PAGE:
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When the Carter Family sings, their achingly beautiful songs seem to contain endless human cries from endless origins. Here we find human cries ranging from an anonymous and threatening command from further down the line, the driver’s steadfast and reckless cry of love for the engine 143, the doctor’s cry for the driver’s quick death, his mother cry that he use caution, and – only when we see from the blood on the tracks and his eyes scalded shut – is there the final or ultimate cry to return to God.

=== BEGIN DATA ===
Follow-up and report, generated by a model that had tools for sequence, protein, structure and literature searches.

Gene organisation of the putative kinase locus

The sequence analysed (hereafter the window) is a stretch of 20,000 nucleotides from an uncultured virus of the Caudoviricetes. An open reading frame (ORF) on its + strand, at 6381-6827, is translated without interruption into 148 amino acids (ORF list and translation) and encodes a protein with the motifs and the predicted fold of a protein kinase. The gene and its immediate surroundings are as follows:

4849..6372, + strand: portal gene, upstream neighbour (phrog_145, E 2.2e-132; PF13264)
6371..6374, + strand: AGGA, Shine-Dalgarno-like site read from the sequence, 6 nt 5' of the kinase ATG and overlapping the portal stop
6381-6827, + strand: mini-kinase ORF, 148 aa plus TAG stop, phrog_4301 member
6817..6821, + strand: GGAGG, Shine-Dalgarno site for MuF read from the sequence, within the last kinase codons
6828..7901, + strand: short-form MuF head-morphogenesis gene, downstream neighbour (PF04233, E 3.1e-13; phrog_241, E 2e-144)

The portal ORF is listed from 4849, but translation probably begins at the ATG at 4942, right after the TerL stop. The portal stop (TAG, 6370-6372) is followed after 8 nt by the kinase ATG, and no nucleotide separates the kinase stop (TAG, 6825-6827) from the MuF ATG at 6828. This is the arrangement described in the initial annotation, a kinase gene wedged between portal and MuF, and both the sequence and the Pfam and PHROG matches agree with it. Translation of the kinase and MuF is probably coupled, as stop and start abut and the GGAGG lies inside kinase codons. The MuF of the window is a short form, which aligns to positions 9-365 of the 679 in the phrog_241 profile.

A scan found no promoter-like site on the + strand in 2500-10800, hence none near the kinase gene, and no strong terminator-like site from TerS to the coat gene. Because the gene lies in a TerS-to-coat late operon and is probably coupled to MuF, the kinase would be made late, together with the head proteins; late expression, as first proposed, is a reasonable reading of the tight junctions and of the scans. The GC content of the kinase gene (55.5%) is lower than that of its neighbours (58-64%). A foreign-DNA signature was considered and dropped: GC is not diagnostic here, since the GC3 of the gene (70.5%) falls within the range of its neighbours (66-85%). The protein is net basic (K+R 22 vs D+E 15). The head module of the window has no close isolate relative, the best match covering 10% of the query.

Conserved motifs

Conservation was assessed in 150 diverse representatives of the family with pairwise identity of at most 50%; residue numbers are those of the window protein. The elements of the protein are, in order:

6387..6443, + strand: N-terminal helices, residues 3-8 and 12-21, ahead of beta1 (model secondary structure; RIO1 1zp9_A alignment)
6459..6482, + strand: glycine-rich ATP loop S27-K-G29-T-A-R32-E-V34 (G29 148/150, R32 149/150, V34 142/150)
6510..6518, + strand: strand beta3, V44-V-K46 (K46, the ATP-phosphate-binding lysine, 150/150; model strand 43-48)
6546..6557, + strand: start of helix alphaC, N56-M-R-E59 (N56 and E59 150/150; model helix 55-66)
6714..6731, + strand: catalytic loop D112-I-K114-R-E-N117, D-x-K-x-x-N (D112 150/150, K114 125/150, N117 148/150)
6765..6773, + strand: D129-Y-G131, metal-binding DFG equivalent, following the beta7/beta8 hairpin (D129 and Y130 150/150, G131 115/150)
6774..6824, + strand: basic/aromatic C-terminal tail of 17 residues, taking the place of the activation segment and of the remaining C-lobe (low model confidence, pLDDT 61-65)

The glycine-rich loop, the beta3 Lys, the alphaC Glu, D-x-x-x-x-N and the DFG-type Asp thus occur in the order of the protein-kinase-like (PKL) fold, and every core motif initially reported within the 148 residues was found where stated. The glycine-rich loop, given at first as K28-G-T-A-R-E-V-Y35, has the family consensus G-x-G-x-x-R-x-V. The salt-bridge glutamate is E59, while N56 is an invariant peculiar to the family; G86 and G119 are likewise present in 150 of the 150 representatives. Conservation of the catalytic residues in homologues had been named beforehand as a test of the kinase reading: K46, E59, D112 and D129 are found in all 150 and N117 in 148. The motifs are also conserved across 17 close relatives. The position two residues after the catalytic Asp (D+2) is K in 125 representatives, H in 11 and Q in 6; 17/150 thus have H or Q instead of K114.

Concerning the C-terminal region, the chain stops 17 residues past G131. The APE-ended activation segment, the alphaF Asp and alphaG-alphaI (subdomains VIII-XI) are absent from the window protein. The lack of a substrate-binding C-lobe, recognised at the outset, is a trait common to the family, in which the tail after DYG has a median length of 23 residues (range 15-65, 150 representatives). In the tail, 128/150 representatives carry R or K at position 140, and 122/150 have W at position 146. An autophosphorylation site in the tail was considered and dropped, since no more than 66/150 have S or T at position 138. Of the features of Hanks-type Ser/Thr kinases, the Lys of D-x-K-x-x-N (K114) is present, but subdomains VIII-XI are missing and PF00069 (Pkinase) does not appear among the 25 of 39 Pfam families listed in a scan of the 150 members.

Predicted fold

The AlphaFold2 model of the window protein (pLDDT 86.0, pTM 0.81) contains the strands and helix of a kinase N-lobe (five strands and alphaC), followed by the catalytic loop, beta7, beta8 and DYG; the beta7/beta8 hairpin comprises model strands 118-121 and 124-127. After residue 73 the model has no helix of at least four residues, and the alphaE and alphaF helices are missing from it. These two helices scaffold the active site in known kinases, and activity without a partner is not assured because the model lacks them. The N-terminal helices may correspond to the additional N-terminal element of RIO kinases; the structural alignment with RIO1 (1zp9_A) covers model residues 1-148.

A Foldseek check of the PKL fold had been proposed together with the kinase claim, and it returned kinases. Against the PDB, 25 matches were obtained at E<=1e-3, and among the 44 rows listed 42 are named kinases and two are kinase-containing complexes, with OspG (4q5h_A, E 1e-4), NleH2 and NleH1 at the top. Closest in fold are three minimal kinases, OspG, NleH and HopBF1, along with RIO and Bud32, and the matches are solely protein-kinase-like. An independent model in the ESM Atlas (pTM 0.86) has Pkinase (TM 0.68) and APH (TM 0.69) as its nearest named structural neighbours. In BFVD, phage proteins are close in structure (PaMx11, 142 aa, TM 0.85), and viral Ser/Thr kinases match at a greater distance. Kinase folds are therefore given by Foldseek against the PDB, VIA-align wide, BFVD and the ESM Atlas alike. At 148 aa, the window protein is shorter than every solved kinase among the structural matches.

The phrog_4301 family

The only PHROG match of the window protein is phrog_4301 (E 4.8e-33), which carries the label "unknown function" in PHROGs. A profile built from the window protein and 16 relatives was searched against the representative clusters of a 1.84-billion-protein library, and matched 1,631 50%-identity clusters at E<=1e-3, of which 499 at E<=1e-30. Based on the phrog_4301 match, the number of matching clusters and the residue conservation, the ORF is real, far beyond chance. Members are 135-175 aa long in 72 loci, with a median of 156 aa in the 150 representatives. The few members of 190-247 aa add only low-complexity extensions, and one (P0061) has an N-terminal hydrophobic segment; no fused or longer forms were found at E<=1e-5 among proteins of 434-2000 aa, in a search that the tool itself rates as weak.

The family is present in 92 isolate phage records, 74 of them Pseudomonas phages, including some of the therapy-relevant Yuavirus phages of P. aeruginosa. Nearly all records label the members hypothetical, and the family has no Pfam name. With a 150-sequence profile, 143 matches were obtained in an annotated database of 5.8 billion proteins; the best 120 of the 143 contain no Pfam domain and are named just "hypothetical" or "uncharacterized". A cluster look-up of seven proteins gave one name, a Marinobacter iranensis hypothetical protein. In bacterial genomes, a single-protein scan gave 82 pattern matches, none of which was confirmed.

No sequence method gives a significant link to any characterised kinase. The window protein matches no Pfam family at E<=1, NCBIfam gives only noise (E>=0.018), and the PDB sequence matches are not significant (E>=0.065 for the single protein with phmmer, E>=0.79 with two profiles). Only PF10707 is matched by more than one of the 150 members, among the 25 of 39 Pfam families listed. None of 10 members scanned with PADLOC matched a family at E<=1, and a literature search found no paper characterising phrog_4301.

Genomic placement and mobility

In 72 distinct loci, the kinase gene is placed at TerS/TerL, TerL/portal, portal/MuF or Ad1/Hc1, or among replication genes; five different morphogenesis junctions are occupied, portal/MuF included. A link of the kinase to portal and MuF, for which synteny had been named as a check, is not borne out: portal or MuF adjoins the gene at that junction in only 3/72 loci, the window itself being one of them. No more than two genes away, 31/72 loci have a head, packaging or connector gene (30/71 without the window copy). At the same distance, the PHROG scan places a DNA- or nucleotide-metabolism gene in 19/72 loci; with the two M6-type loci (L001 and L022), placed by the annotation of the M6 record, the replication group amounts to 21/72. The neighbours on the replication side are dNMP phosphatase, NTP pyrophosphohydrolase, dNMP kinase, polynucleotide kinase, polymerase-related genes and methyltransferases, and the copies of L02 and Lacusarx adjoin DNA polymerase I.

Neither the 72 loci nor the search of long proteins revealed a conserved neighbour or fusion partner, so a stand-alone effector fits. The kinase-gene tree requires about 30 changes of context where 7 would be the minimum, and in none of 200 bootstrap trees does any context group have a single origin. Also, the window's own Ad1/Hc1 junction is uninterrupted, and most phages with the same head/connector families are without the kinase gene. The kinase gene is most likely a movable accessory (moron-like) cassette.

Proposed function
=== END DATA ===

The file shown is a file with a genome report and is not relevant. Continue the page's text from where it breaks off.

I don’t know if R.E.M. meant to reference “Engine 143,” or some of its many similar variations like “The Wreck of Old ’97,” but I find the link undeniable. Here we are immersed in the setting and can feel the cry of the engine, the cry of the tracks, the cry of the country, the cry of the destination, the cry of determination, the cry of exhaustion, the cry of ultimate human longing, and the lingering cry of weary persistence. However, unlike in the Carter Family’s song, here there is no narrative arch; here we find ourselves suspended in this state and – besides in our minds – forever removed from the destination.